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Showing posts with the label city of nanaimo

Save the NRE or pay (more!) later

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This is the letter I have just sent to the mayor and council of the city of Nanaimo (mayor&council@nanaimo.ca is the e-address should you wish to do the same) Mayor and Councillors: I believe it was about three years ago I addressed the Regional District of Nanaimo, encouraging them to engage the Nanaimo Recycling Exchange, and noting to them how much the NRE benefits us all. Evidently the negotiations between the staff of the NRE and the City that followed went nowhere; the NRE simply did and does not have the capital to have met their expectations. Why should they? The NRE alone accepts materials that cost money to properly recycle. They do not get a slice of the income from recycling cans (apart from a few donations). One of the materials they alone accept is Styrofoam. This material alone can occupy up to 25% of the space in landfills, but because the waste industry considers only the WEIGHT of materials the NRE is given inadequate credit f or continuing to gre

To Make Nanaimo Affordable and Better

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In light of Nanaimo’s aging population (somewhat higher than Canada’s and even B.C.’s) and that the future looks dim without a greater immigration and retention of younger adults (called “the Millenniums”) who are keen to have a planet worth living on, what does Nanaimo need to do to survive and thrive? A Master’s thesis written by Lan Le Diem Tran, a Millennial who hails from Vietnam, answers this question. Her thesis focused on leisure mobility in Nanaimo for Millennials (born 1984 to 1996). After surveying them in 2016 she concludes that in order to thrive Nanaimo needs to attract and retain talented workers by greatly improving our sustainable transportation system. Young adults want to live in mid-sized cities such as Nanaimo, especially with the natural beauty and amenities offered here if such cities catch up on sustainable transportation, including far more transit and active options afforded by dedicated cycling and walking infrastructure. They want an affordable,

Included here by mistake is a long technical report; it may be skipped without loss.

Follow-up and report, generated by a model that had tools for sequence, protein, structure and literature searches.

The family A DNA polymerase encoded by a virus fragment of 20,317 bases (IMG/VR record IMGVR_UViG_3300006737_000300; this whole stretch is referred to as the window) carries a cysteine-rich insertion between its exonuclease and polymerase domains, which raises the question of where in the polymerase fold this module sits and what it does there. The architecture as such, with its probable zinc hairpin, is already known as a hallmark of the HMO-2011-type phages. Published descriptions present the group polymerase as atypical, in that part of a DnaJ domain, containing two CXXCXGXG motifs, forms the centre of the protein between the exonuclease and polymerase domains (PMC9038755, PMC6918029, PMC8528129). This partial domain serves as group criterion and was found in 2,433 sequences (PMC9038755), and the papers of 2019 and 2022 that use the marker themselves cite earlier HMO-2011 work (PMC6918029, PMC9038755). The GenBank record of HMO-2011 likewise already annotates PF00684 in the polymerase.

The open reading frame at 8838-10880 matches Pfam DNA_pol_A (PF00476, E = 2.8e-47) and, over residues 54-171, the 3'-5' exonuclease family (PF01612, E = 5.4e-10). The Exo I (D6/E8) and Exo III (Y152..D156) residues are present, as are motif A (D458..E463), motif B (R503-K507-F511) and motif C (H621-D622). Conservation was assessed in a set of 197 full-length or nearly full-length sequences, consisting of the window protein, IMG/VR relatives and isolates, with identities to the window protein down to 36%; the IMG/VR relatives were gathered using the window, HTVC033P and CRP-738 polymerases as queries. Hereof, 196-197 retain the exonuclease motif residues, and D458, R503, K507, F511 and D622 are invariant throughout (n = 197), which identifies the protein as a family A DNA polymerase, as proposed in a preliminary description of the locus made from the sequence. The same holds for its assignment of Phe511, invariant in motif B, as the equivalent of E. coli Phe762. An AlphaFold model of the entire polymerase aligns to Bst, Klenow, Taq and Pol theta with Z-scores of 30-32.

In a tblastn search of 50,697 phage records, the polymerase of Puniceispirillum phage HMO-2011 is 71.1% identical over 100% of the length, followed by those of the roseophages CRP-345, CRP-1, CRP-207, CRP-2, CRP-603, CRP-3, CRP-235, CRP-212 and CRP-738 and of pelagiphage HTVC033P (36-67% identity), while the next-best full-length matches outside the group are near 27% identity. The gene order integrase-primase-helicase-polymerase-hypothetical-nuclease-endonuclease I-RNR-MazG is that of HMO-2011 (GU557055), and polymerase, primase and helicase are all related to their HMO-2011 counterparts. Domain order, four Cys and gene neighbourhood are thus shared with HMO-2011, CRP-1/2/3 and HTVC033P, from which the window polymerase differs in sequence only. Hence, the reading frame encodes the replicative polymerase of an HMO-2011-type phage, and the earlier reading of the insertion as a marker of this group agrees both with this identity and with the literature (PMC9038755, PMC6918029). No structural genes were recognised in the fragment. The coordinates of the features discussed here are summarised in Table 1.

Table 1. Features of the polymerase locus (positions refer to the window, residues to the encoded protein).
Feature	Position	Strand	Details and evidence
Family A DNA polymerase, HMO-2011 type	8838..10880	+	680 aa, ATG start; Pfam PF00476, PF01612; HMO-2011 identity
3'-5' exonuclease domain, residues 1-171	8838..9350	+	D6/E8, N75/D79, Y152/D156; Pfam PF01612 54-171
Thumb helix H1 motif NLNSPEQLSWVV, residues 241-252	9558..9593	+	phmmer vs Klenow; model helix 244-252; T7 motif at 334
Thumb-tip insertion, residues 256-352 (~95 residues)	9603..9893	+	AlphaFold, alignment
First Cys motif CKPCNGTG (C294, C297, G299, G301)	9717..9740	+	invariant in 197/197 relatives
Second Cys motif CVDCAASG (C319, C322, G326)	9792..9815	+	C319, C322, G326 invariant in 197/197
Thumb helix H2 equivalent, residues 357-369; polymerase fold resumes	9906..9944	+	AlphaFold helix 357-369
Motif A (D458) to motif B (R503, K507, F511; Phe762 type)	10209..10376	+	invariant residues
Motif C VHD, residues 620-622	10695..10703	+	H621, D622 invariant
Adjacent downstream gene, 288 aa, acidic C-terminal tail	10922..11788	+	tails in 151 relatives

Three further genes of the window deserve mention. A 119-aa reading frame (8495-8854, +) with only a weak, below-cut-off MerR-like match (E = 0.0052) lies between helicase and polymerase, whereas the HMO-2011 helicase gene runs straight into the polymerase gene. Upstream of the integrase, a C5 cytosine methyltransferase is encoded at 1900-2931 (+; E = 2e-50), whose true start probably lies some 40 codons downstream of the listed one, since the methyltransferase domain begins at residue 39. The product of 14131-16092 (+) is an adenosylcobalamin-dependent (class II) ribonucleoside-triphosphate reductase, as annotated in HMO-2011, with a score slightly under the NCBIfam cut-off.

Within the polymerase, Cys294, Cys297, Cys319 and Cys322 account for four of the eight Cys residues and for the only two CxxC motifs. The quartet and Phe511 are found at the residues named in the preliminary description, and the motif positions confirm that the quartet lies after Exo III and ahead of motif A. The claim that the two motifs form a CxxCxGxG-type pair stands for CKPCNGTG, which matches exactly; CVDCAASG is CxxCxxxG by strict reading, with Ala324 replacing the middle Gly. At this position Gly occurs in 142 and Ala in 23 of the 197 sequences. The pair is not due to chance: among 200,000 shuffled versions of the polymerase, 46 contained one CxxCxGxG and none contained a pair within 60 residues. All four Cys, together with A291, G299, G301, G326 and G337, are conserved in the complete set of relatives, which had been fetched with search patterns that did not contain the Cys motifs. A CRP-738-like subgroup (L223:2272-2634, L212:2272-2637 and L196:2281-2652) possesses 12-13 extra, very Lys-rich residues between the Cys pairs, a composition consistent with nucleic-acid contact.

A response to Nanaimo's proposed Transportation Plan

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The City of Nanaimo has just released its proposed Transportation Master Plan . This plan is designed to take us 25 years into the future. Very tragically the proposed Plan does little to take us away from the very expensive existing car-centric city we currently pay for. In this 13 page document I outline how it could be vastly improved so as to save us money and improve the city's sustainability, leading us to better health, lower costs, and far more. It requires us to work together, adjust to significant (positive!) changes. It means making it possible to cycle safely, use buses that are frequent and fast, invest in infrastructure and in carsharing, and more. To view the slides and text to my 5 minute presentation to City Council May 26, 2014, click here. To see the Council meeting and the 10 presentations about the Transportation Plan, including mine (second one on the list) you can view it here . The presentations start at about 15 minutes. The picture above could

Should Nanaimo accept Vancouver's garbage?

Should Nanaimo be the site to burn garbage from the lower mainland? As I see it: Pro: As an energy advisor I know that the more local source of electricity we generate the more stable the electrical grid becomes.  The proposed plant would yield little actual power output; not much more than the potential of power being generated from our drinking water supply (gravity-fed from the mountains). But every bit of power counts. It is FAR better to burn garbage than it is to landfill it in terms of greenhouse gas emissions. Why? Rotting compostable materials in the absence of oxygen (typical in dumps) create enormous amounts of methane gas, thousands of times more powerful in changing climate than is the carbon dioxide created when incinerating the same material. Local construction and maintenance jobs would be created. Local garbage could be incinerated. The waste heat could be used by another facility (which would then be responsible for the emissions, giving the i